Michigan Gov. Rick Snyder will unveil his fourth budget Wednesday, one his budget director says is well thought out and balanced.
"Michigan's economy is coming back, and this is proof of that," said State Budget Director John Nixon. "We've got a balanced budget, not a claim a lot of states can make."
While particulars won't be divulged until the entire budget is presented, Nixon says the priorities will be what they always have been: public safety and education.
"We like education," Nixon said. "There's a billion dollars more going to the state for education."
The governor has increased spending on education each year that he's been in office, Nixon said, and he hopes to do more.
"We've really prioritized our needs, made strategic investments," he said. "We've looked at all the priorities out there and we've come up with a good investment plan."
Senate Minority Leader Gretchen Whitmer (D-East Lansing) agrees investing in children's education is a top priority, but she says the governor isn't doing it.
"He wants to say the money he's put into a retirement system that he is mandated by law to do counts as money for education, and that's just baloney," Whitmer said. "That doesn't fly with the teachers and the parents and the educators who are in the classroom everyday."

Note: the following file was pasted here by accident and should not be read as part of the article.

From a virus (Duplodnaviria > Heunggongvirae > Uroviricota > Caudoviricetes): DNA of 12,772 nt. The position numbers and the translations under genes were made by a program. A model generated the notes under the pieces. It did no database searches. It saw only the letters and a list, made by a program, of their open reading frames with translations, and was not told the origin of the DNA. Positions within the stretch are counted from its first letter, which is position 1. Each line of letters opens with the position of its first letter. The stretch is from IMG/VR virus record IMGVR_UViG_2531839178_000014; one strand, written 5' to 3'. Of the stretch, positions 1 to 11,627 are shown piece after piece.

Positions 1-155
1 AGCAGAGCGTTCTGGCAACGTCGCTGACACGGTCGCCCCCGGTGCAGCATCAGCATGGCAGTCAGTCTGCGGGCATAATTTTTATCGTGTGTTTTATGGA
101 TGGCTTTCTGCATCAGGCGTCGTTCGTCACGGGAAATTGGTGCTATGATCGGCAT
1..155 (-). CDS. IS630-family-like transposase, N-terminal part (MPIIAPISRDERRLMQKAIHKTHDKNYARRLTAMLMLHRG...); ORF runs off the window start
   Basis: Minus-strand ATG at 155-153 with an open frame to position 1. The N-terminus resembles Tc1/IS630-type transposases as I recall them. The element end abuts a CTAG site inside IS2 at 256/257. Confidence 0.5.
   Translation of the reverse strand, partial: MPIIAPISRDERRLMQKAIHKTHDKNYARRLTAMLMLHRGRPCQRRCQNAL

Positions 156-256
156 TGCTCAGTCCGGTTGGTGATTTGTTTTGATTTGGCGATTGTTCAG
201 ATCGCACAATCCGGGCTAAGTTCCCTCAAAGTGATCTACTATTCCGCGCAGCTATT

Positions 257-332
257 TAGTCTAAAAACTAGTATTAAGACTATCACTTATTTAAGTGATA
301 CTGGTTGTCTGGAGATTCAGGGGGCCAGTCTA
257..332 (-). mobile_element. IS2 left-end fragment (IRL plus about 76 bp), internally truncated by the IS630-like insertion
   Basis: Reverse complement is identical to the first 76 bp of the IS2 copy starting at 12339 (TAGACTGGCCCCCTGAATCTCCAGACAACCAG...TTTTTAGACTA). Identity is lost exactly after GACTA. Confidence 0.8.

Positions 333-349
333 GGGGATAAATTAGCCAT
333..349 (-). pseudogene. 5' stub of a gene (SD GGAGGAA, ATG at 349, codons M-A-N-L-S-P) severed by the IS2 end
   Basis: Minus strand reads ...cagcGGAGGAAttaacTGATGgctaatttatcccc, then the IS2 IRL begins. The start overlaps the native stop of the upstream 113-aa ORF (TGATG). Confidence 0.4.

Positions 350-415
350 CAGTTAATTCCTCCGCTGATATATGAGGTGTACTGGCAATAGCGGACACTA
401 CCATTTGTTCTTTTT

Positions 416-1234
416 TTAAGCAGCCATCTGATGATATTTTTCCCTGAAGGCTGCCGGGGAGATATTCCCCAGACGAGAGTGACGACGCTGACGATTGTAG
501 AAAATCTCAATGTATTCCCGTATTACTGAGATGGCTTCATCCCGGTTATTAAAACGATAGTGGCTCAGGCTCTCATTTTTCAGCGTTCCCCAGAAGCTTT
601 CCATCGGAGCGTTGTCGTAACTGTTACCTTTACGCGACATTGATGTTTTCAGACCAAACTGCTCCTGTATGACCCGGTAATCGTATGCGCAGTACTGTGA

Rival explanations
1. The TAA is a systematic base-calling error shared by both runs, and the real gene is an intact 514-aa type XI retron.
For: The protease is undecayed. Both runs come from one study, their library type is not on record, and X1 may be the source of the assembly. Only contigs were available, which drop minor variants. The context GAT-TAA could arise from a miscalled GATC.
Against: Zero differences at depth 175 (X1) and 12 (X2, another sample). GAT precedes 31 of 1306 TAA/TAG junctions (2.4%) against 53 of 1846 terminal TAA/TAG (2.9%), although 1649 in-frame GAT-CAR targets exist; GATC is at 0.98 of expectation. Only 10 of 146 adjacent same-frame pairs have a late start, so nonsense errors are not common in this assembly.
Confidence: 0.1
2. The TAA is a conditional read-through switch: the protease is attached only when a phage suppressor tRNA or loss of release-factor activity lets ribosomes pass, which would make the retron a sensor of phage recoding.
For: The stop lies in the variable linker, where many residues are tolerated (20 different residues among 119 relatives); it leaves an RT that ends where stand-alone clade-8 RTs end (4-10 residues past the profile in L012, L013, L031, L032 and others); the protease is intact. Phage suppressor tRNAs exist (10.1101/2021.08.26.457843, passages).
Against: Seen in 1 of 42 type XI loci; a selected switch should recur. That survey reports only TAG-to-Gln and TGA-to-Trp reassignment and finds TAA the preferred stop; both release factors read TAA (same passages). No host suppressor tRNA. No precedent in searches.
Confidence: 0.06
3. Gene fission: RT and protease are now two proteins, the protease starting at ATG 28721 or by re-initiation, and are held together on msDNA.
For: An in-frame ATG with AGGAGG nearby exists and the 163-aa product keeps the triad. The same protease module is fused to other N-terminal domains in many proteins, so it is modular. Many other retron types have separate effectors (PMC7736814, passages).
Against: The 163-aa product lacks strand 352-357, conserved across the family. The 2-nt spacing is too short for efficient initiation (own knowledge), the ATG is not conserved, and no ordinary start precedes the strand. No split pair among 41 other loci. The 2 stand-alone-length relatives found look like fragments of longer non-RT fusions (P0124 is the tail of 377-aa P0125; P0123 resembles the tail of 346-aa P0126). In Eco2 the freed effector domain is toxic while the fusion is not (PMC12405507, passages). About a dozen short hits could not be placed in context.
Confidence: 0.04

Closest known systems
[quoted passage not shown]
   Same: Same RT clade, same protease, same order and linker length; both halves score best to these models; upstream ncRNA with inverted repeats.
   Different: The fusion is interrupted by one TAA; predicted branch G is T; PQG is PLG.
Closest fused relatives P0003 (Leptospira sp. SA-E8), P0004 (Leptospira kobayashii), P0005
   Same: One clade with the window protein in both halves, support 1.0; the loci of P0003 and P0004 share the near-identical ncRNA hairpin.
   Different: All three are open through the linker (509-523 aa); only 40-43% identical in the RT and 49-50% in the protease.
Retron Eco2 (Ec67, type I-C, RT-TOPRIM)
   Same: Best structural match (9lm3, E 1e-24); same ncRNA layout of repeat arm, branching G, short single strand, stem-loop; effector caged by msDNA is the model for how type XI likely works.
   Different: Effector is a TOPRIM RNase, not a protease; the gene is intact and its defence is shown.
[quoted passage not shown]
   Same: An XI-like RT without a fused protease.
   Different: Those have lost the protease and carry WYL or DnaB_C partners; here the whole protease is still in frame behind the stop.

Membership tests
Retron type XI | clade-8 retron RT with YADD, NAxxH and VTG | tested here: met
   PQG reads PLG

Whitmer and House Minority Leader Tim Greimel (D-Auburn Hills) held a press conference Tuesday to "expose" Gov. Snyder's "budget gimmicks."
Whitmer says Snyder has cut $440 per pupil since he's been in office, disguising it as contributions to pensions and healthcare.
"The number that matters is what is actually going into the classroom," she said. "Our class sizes have increased, our buildings are struggling. We're in a situation where our kids and education have been compromised and we don't think it's right for the governor to reinvent his record on education."
Gov. Snyder has said giving the money to retired teachers has the same effect as funding classrooms directly.
“If someone showed up to help you pay your mortgage, doesn't that give you more dollars to pay your other bills?” he told the Associated Press. “So that’s the point — it really does help in the classroom by helping pay a bill that they’re otherwise going to have to pay and reducing that bill.”